Phil Breytenbach
                      General Manager
                    • Hi there, I need to quote for a number of repairs to timber windows as per the attached photos. Will your Turbo builders bog be suitable?
                      If so, where can I get it and what is the price? Also any other info re coverage rates, other tools or materials I would need to allow for. We are in Christchurch.
                      Thanks, regards Merodie

                      Hello Merodie, Builders Bog will be very suitable for these repairs. The thing to watch is that you don’t leave any spores from rot in the adjacent timber. If you do, and don’t take some action to kill them, the timber will rot again around the Builders Bog and the client will not be happy. So, either remove sufficient timber to ensure there is only sound timber left. Or drill some holes around the repair and implant anti-rot slugs and then fill the holes with more Builders Bog. The slugs are boron compounds usually, and will ensure no further problems. The latter solution applies to large repairs where there is so much damage it is not feasible to access or remove all rotted timber. As part of our on-going development of Builders Bog we repaired, about 4 years ago, a large picture window (4 metres by 2 metres in 2 smaller and one large pane) which faced the sea and was so badly rotted it took 12 litres of Builders Bog, plus timber packing pieces, to fill and repair it. We drilled holes afterwards and injected a solution of boron compounds in glycol. Then we plugged the holes with dowels and sanded them flush (Builders Bog would not have stuck to glycol-wetted timber), and painted the job (all on the same day). Quoted cost to replace the windows was $7500.00. Cost of the Builders Bog at retail would have been $240.00 at the time of the quote and time taken by one person (my son while I videoed it) 5 hours including painting and cleaning up. We fixed the header flashing which leaked and caused the rot and the repair is perfect and undetectable today. Bunnings are the major stockist in Christchurch, and you will have to get the price from them. I cannot help ypou with amount needed since it depends entirely on the volume of the holes you create in hacking out any rot. But from your pics it looks like one or two litres would be ample. It comes in 250 ml, 500 ml, 1 litre and 2 litre cans. Some Acetone to clean up with would be good, though petrol can be used (less effectively) and a metal spreader can the be used to apply and then to to carve “(plane”) back the Builders Bog at the “cheesegrating” stage. – or a Surform file can be used. Use 80 grit paper to rough sand and 120 to finish. A palm sander is handy, but finishing to shape is incredibly easy and quick with our product, even by hand using a sander block. The repairs you show are quite small an should not take long at all. You can finish-paint within a couple of hours of applying the Builders Bog if you use the correct hardener ratio to give about a 20 minute pot life.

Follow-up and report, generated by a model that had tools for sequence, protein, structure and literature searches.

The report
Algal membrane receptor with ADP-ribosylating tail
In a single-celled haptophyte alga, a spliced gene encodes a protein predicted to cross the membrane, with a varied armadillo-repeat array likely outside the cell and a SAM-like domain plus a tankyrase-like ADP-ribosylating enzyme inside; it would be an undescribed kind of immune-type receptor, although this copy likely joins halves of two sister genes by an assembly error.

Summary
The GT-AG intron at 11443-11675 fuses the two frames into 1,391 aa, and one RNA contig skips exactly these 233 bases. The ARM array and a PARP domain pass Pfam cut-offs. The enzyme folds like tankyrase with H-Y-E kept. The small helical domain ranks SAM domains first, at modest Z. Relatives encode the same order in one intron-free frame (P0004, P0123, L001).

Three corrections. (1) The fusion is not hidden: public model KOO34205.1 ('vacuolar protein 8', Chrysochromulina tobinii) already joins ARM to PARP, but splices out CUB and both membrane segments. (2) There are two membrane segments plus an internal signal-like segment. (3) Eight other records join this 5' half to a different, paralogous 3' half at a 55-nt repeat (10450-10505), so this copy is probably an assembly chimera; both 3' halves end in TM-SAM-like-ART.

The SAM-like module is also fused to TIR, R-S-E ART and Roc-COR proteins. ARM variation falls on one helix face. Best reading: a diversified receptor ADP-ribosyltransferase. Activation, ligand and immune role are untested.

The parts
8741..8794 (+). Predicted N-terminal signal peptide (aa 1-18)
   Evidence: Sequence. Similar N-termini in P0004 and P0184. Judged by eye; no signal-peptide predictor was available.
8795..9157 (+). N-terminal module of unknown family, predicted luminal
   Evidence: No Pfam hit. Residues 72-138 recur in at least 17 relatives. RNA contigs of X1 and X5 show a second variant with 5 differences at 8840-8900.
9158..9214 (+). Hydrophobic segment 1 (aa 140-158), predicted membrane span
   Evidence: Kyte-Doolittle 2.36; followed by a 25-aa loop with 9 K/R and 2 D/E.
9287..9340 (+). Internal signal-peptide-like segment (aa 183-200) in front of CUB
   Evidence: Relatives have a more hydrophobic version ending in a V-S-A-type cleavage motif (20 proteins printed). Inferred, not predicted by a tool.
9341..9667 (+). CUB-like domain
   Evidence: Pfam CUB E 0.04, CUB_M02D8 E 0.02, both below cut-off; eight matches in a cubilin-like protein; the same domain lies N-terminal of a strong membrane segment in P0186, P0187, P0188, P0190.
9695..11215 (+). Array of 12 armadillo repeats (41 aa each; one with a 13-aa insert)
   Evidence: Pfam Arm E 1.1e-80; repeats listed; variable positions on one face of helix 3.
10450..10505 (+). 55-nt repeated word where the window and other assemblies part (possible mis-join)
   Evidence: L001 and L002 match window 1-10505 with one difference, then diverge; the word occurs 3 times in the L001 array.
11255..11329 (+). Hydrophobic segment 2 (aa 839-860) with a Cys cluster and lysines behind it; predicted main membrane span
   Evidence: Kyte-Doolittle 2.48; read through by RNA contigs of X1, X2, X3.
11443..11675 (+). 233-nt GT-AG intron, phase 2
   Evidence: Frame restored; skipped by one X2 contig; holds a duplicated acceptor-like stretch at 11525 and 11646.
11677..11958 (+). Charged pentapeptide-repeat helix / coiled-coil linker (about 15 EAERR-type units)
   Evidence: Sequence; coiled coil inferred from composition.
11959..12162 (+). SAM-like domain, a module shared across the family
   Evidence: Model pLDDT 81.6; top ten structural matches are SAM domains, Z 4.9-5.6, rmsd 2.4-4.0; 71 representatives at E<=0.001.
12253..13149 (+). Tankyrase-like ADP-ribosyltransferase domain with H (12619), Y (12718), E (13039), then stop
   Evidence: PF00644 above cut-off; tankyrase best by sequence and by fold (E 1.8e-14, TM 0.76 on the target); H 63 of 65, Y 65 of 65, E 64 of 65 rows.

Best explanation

Regards
                      Stuart Jordan
                      Managing Director

                    • Hello, can you suggest an alternative measurement for the filler component of Builders Bog that would equal the “match box” suggested
                      on the tin? For example, would a ¼ cup measure be approximately the same or is there something more accurate. We are a couple of seniors who don’t have a box of matches in the home. Kindest regards, Clare & Maurie Hamilton

                      Hello Clare and Maurie, I am sorry for the delay in replying. I have been off work with a virus. I too am a Senior! A matchbox hold s about 30 Ml. A breakfast cup holds 280 ml, a standard US cup is 236 mls and an Imperial standard cup is 250 ml. So a 1/4 cup is about 2 matchboxes full. a golf ball-size of paste is about 30 ml too, but this is an English golf ball. A US golf ball is way bigger. It is very hard to know how people will assess volumes, but the volume % of red hardener should be 2% of the paste and the weight % should be 2.5%. The difference is because the paste weighs much less per gram than the hardener. We have built in a huge margin for error in Builders Bog, so if you get it wrong it will not matter too much. But it may gel faster than you want if you use too much hardener, and if you really go too heavy with the hardener it will not fully harden ever. Having said this, you may wonder why you just don’t use a single pack product and just let it dry naturally. But, having applied a decent thickness of a water- or solvent-based filler, and then finding you have to wait several days for it to dry throughout. And then having to apply more and wait even longer, because the first lot shrunk – you will be converted to the two-pack, instant through-hardening, quick action concept of Builders Bog. I hope this helps. Feel free to ask me more questions if you wish. I will reply more promptly, because I am now back on deck.